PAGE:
SDS/PAGE, BN-PAGE (blue native PAGE) and Western blotting

SDS/PAGE was performed as described previously [24]. Precision protein standards (Bio-Rad Laboratories) were used as markers. Silver staining was carried out as described previously [25]. For LC (liquid chromatography)-ESI (electrospray ionization) MS/MS (tandem MS) non-reducing SDS gels were stained with Imperial Protein Stain (Thermo Scientific). Western blotting was performed as described previously [26]. After transfer the membrane was blocked in 5% skimmed milk powder in PBS with 0.1% Tween 20 or in 10 mM Tris/HCl (pH 7.5), 1% BSA, 100 mM NaCl, 0.1% Tween 20 and 0.05% sodium azide (for biotin-labelled antibody) and incubated with an anti-Myc mAb (monoclonal antibody) (clone 9E10.2, American Type Culture Collection, CRL-1729) or biotin-labelled rat anti-mouse IgG2a (R19–15, BD Biosciences). The anti-Myc mAb was cultured by the Mammalian Protein Expression core facility at the University of Gothenburg. The membrane was then treated with AP (alkaline phosphatase)-conjugated goat anti-mouse IgG1 (Southern Biotech) or streptavidin (Southern Biotech) and developed with NBT (Nitro Blue Tetrazolium)/BCIP (5-bromo-4-chloroindol-3-yl phosphate) (Promega).

BN-PAGE allows studies of proteins under native conditions [27]. BN-PAGE was performed as described previously [27] on ready-made NativePAGE™ Novex® 4–16% BisTris Gels (Invitrogen). NativeMark™ Unstained Protein Standards (Invitrogen) were used as markers. BN gels were stained using silver [25].

Protein G purification of CysD–IgG, CysD(2TR)–IgG or EK-cleaved CysD–IgG

Spent culture medium (9.5 litres) containing CysD–IgG fusion protein was filtered (0.45 μm Mini Capsule, PALL) and concentrated by Tangential Flow Filtration (Pellicon™-2 system, Millipore) with two 5 kDa PLCC filters (four times in 1 litre of PBS reduced to 500 ml). For Protein G purification of CysD(2TR)–IgG fusion protein, serum-containing medium (130 ml) was dialysed (Spectra/Por® Dialysis Membrane, molecular-mass cut-off of 6–8 kDa, Spectrum Laboratories) three times against 20 mM sodium phosphate buffer (pH 7) and filtered (Durapore® Membrane Filter, 0.22 μm GVWP, Millipore). The concentrate or filtered medium was loaded on to a HiTrap Protein G HP column (1.6 cm×2.5 cm, Amersham Biosciences) equilibrated with 20 mM sodium phosphate buffer (pH 7) at 1 ml/min. The column was rinsed with the same buffer. Bound components were eluted [100 mM glycine/HCl (pH 2.7)], collected in 1-ml neutralized fractions [100 mM Tris/HCl (pH 9)] and analysed by SDS/PAGE and silver staining. EK-cleaved CysD–IgG was directly loaded on to a Protein G column and the flow-through and eluate fractions were analysed.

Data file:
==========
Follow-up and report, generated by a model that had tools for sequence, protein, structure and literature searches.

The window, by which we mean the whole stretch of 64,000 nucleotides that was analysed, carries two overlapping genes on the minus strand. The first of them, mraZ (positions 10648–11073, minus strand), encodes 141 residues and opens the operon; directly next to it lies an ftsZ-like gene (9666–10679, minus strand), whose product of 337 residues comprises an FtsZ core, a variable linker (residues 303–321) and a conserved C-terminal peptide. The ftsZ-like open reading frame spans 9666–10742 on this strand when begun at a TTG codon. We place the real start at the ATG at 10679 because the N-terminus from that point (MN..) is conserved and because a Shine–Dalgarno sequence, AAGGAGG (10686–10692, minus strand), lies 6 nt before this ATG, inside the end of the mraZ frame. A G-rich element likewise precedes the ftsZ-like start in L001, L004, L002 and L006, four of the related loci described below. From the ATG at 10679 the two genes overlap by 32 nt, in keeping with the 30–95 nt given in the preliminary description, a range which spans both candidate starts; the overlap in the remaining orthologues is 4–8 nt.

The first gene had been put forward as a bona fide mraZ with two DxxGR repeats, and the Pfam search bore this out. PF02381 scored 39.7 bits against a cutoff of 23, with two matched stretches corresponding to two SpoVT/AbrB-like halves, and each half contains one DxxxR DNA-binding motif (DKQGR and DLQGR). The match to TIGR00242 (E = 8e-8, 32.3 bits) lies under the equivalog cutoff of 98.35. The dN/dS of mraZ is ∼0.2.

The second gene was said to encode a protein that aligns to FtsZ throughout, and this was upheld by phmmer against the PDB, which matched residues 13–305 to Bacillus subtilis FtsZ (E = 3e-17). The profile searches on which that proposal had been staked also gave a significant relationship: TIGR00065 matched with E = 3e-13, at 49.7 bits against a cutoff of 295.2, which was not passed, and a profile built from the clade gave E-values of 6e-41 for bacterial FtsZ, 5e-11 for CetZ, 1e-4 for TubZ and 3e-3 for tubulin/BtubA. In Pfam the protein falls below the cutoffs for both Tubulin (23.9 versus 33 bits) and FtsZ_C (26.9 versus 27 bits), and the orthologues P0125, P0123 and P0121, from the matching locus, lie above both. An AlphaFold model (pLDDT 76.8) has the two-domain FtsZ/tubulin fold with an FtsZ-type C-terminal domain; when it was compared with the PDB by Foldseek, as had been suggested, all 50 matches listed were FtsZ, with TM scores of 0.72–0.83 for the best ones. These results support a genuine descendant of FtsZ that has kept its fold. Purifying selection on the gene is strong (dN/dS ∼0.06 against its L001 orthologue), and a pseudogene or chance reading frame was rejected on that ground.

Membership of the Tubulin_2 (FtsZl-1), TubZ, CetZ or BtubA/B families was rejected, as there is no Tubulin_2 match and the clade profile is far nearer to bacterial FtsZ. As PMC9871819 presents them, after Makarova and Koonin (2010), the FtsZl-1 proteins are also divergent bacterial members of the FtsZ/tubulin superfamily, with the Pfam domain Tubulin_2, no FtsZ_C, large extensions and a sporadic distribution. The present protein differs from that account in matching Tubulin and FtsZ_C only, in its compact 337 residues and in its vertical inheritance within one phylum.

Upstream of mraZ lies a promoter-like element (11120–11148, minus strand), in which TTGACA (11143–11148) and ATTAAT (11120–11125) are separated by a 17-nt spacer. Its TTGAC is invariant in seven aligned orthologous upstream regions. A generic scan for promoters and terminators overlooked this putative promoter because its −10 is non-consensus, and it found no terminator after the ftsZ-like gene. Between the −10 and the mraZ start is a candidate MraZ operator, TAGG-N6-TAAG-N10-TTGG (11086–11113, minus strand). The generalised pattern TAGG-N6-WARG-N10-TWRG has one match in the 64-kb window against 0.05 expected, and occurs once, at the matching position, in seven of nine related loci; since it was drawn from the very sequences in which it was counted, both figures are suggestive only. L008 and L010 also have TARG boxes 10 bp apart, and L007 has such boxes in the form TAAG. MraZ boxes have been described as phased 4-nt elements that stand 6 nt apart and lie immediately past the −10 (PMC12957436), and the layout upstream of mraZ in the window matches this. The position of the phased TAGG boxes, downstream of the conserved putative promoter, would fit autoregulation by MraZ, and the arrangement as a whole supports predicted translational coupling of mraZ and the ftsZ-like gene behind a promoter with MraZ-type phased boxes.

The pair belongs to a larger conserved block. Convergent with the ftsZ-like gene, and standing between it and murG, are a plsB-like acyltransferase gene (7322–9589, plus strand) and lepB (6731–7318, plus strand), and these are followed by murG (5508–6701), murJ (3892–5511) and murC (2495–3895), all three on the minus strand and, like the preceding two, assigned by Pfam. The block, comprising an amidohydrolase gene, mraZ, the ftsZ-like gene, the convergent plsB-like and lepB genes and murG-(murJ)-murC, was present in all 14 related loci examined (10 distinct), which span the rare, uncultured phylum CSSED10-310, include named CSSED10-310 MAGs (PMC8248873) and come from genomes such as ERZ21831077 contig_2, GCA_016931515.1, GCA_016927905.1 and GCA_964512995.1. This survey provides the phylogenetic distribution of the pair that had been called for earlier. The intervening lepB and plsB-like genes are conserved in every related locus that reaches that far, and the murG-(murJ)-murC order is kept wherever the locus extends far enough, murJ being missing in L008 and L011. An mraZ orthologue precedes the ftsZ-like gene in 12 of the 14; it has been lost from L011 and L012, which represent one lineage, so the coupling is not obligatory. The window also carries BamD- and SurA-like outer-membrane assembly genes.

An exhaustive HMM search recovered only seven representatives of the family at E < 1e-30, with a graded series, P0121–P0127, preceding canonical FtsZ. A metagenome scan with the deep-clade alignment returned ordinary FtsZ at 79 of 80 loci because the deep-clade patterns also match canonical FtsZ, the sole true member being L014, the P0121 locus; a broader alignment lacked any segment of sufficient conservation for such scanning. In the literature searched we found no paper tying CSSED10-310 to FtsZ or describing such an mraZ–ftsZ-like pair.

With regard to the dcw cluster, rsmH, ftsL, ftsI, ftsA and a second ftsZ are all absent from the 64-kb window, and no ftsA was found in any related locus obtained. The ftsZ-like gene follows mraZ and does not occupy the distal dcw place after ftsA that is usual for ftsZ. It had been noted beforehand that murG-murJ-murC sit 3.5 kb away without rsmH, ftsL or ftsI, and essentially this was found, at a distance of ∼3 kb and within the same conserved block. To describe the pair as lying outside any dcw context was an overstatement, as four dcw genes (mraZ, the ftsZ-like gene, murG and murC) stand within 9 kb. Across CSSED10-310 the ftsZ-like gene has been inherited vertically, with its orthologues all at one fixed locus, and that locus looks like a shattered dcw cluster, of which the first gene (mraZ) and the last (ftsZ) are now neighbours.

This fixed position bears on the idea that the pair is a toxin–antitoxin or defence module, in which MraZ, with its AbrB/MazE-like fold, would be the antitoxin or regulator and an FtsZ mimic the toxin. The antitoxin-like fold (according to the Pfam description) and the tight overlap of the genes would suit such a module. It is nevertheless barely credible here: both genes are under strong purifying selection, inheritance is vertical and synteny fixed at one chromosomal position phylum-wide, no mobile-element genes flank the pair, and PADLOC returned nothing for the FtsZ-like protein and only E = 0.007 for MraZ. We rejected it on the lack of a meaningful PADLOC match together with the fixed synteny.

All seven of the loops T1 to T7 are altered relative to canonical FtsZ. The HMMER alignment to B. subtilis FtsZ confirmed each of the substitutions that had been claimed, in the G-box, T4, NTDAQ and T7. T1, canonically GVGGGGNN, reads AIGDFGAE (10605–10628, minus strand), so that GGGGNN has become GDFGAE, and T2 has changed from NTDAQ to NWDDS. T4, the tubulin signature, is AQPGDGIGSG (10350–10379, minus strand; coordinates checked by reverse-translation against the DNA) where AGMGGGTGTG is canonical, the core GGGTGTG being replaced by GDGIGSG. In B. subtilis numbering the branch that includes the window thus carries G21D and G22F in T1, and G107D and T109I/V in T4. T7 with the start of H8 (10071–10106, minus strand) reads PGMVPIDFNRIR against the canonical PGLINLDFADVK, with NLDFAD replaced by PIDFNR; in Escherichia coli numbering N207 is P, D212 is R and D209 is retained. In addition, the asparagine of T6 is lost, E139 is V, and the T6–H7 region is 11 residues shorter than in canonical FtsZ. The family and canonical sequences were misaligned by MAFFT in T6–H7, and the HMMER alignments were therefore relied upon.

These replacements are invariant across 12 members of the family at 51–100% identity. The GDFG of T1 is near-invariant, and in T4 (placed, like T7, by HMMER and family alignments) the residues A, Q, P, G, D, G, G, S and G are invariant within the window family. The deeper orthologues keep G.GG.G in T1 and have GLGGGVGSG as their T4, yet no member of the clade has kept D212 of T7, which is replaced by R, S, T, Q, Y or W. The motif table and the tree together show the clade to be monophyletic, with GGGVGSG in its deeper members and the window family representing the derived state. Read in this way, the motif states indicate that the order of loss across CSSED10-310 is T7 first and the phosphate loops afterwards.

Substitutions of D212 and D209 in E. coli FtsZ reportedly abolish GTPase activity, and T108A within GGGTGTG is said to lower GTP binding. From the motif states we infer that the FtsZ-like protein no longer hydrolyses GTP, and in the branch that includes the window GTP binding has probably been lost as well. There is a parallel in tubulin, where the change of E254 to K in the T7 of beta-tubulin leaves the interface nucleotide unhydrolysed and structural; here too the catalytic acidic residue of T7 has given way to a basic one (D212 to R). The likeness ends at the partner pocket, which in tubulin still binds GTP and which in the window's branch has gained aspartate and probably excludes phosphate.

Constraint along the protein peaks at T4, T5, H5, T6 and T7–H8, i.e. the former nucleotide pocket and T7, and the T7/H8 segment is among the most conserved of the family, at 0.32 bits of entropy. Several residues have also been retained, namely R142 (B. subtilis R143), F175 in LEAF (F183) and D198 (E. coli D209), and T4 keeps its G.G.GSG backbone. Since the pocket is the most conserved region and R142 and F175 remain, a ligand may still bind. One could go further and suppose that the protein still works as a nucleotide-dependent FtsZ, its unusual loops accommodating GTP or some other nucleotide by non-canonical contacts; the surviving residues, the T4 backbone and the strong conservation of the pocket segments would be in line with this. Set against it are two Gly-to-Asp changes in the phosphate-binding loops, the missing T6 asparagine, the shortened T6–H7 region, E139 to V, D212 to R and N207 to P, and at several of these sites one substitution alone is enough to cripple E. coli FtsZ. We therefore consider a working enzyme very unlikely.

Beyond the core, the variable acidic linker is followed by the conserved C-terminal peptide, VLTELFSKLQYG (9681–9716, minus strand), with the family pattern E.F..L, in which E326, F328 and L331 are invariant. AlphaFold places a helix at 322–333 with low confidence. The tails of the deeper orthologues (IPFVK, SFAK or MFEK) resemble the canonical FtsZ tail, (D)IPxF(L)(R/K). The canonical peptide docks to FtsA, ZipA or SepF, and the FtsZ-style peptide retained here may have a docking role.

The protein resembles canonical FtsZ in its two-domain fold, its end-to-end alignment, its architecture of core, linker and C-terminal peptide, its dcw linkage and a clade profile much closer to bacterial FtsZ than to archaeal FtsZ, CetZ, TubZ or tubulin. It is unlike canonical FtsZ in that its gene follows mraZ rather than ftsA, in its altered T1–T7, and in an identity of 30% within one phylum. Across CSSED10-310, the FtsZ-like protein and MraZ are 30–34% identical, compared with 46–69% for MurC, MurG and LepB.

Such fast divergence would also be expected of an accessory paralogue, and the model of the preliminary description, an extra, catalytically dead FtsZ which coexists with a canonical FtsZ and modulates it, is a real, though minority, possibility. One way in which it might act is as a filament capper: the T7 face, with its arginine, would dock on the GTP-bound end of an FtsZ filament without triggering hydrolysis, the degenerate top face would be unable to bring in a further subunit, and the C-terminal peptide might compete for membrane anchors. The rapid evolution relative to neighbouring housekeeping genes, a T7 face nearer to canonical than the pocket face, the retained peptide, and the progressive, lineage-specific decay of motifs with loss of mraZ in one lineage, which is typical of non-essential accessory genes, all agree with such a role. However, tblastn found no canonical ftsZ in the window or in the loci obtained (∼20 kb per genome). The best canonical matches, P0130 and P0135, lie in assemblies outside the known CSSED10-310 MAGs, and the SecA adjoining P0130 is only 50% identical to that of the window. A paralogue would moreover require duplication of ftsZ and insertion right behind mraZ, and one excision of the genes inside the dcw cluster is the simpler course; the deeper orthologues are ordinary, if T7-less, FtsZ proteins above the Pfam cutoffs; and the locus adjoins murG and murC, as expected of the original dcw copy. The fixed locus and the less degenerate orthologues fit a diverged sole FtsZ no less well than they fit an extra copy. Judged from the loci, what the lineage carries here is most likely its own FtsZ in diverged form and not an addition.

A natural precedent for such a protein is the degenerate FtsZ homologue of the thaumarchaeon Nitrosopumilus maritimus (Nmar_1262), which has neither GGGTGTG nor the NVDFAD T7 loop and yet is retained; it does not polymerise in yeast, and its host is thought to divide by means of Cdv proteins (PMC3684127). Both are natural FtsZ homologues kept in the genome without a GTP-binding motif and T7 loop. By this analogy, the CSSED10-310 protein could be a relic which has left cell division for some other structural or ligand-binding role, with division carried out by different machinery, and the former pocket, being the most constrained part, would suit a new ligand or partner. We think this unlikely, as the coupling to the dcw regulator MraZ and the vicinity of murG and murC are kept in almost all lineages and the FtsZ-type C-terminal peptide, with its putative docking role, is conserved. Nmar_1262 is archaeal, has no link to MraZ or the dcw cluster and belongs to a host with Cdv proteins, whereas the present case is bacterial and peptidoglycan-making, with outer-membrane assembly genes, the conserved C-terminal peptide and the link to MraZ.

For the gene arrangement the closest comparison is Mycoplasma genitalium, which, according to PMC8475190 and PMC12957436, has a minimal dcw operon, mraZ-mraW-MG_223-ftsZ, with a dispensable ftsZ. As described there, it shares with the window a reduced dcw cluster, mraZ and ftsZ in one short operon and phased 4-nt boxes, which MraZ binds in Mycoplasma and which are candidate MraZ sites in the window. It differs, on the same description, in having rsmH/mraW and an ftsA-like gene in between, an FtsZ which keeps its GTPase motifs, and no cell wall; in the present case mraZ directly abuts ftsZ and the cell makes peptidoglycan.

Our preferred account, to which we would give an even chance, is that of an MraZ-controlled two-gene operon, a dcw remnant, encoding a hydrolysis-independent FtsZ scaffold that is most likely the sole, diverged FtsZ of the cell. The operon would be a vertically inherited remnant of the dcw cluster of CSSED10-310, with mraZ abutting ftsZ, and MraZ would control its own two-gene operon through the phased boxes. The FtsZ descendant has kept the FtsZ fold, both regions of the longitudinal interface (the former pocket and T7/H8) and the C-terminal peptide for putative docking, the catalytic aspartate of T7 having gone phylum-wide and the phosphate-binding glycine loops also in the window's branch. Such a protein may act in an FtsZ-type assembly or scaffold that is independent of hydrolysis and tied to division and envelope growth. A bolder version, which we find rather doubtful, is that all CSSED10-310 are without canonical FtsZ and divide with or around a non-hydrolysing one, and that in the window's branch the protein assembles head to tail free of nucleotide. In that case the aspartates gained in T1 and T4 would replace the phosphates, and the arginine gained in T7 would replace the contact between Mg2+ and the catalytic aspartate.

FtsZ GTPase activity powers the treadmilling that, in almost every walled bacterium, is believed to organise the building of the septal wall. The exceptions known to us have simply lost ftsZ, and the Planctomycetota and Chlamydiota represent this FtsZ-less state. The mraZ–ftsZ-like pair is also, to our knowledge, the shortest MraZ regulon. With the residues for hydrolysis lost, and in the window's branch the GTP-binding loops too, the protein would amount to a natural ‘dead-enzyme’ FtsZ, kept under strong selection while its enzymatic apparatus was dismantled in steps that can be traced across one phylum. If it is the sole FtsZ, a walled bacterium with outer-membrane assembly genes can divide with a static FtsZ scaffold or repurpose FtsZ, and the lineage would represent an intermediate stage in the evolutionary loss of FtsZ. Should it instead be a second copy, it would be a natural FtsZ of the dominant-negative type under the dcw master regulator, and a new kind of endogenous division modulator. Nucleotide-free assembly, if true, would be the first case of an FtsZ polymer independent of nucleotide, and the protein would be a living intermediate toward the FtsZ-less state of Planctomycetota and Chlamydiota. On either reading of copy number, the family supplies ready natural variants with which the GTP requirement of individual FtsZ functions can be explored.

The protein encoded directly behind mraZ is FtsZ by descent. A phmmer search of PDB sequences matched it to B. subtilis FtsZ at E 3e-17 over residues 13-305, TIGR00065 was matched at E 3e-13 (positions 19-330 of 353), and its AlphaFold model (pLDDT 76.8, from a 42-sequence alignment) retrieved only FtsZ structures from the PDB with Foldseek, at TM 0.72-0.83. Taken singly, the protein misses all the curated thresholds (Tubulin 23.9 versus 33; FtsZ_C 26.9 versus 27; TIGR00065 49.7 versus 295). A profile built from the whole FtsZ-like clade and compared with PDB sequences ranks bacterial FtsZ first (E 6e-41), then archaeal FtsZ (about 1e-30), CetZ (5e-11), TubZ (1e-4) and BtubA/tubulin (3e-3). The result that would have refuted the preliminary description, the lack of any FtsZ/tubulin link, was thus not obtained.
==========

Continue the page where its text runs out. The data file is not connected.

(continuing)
Sialidase and EK treatment

Purified CysD–IgG and CysD(2TR)–IgG fusion proteins were cleaved with EKMax™ for 15 h at 37°C in EKMax™ Reaction Buffer [50 mM Tris/HCl (pH 8.0), 1 mM CaCl2 and 0.1% Tween 20 (Invitrogen)] at 1:100 (enzyme/substrate ratio) and the reaction was stopped with 2 mM PMSF. The CysD(2TR)–IgG fusion protein was treated with sialidase [1:100 (Sigma)] and EK-cleaved (1:100) for 18 h at 37°C in 50 mM sodium phosphate buffer (pH 6.0). Desialylated and/or EK-cleaved samples were analysed by gel filtration, SDS/PAGE and BN-PAGE.

Gel filtration

Purified CysD–IgG, CysD, IgG or sialylated and desialylated EK-cleaved CysD(2TR)–IgG fusion protein (5 μg of each) was applied to a Superose 6 or Superose 12 PC 3.2/30 column (Amersham Biosciences) and eluted at 0.02 ml/min using an Ettan system (Amersham Biosciences) with UV absorbance at 215 nm, 254 nm and 280 nm. Standards were chromatographed at pH 7 (50 mM phosphate buffer and 150 mM NaCl). The purified CysD–IgG and CysD(2TR)–IgG (EK- or sialidase-treated) were either directly injected or were buffer-exchanged by ultrafiltration (10000 g at 4°C; Vivaspin 6 PES, molecular-mass cut-off of 10 kDa, Sartorius) to pH 5.2 (100 mM acetic acid), pH 7 (50 mM phosphate buffer), pH 7.4 (100 mM Hepes) or pH 8.3 (100 mM sodium bicarbonate) containing 150 mM NaCl with or without 50 mM CaCl2. The CysD-containing (flow-through) or IgG-containing (eluate) protein parts isolated by Protein G purification of EK-treated fusion protein were either directly injected or buffer-exchanged by ultrafiltration (10000 g at 4°C; Vivaspin 6 PES, molecular-mass cut-off of 10 kDa, Sartorius) to pH 5 (20 mM acetic acid), pH 6 (20 mM Mes), pH 7 (20 mM Tris/HCl), pH 7.4 (10 mM phosphate buffer) or pH 8 (20 mM Tris/HCl) containing 150 mM NaCl and 5 mM EDTA or 10 mM CaCl2.